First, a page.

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Proper lubrication has made great strides in enhancing machine reliability. Equipment life extension is being achieved with key tactics such as better filtration, use of breathers and protection of new lubricant supplies. Oil sampling and analysis remain important strategies for evaluating the effectiveness of these measures. Of course, monitoring critical equipment and trending results to optimize the maintenance response are the primary goals of lubricant sampling and analysis, but these actions and investments are highly dependent on the accuracy of the laboratory analysis.
The International Council for Machinery Lubrication (ICML) has created two certification paths for lubrication professionals - Machinery Lubrication Technician (MLT) and Machine Lubricant Analyst (MLA) - to ensure plant-level personnel have the necessary skills to develop and execute these programs. However, success has always been dependent upon the effectiveness of the analysis process.
ICML now offers a certification for individuals performing these essential tasks: the Laboratory Lubricant Analyst (LLA). LLA I and II certifications have been earned by more than 100 people in a dozen countries. When compared to the thousands of MLT- and MLA-certified personnel, the LLA certification is still in its infancy. Considering the impact that lubricant analysis results can have on equipment decisions, it is time to take action to ensure the same level of qualification is in place at the laboratory level.
While the MLA body of knowledge includes aspects of lubricant sampling and analysis, it does not cover everything required for proficiency in operating an oil analysis laboratory. In contrast, the LLA I body of knowledge details sample handling and preparation in the lab, reagent management, instrument calibration, and other crucial aspects of running and working in a successful lab.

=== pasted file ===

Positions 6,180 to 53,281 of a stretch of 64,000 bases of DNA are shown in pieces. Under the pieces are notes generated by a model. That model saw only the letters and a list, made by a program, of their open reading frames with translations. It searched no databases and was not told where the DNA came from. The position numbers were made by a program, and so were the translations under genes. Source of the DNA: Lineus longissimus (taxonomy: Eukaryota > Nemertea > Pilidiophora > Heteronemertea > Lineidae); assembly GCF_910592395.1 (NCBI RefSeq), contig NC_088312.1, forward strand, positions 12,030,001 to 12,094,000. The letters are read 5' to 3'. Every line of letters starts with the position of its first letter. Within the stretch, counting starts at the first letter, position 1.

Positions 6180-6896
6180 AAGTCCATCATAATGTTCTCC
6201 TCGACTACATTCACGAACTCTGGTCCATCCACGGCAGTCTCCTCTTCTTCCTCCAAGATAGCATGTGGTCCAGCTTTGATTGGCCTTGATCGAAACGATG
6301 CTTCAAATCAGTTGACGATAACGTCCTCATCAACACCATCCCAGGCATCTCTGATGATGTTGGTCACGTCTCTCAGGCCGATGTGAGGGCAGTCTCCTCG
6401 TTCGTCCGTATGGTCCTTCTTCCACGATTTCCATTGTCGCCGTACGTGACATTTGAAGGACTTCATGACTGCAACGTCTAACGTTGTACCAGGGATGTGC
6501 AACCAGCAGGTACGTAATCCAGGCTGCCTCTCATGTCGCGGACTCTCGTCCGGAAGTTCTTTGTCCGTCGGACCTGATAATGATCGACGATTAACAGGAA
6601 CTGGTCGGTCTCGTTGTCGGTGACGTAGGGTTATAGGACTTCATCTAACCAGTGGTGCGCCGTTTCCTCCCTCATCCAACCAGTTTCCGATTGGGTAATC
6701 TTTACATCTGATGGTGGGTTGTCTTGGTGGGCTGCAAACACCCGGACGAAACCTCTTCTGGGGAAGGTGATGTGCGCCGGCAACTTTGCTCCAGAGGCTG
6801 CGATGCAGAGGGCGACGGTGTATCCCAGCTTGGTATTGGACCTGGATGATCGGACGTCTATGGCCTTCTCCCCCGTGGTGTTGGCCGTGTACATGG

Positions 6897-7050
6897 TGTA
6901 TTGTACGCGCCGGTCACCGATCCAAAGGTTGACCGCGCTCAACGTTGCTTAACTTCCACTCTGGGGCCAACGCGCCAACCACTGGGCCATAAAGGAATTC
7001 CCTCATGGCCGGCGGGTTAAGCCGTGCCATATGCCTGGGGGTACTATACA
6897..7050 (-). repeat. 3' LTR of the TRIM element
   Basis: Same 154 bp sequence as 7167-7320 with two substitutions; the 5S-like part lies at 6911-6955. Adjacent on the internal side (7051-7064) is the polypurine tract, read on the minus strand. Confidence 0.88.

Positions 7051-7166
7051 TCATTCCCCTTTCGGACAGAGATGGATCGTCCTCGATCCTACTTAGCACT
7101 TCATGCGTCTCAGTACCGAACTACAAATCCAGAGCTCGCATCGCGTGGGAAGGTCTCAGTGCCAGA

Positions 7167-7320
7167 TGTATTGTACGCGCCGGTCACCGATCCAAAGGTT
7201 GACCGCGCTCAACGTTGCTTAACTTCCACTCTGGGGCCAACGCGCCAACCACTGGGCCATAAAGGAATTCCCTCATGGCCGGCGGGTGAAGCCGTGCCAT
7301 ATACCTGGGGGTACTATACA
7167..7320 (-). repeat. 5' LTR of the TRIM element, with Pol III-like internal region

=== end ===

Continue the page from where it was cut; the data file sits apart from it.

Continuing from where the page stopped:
Analysis results are used every day to make decisions about equipment, and the accuracy and reliability of these values are often taken for granted. To operate efficiently, many laboratories are taking the appropriate steps to ensure quality data. Utilizing the training and certification process of the ICML LLA program provides a clear and demonstrable record of compliance with quality standards, including ISO 17025 and NQA-1 Appendix B.
Currently, several labs and training organizations offer LLA I and II courses. Some have developed internal classes for their students, while others share these training opportunities with the public. Video recordings and live streaming of LLA courses are available as well.
If you work in a lubricant analysis laboratory, consider pursuing the LLA certification by participating in a training class and taking the ICML exam. For information on the LLA training organizations, contact ICML at www.lubecouncil.org.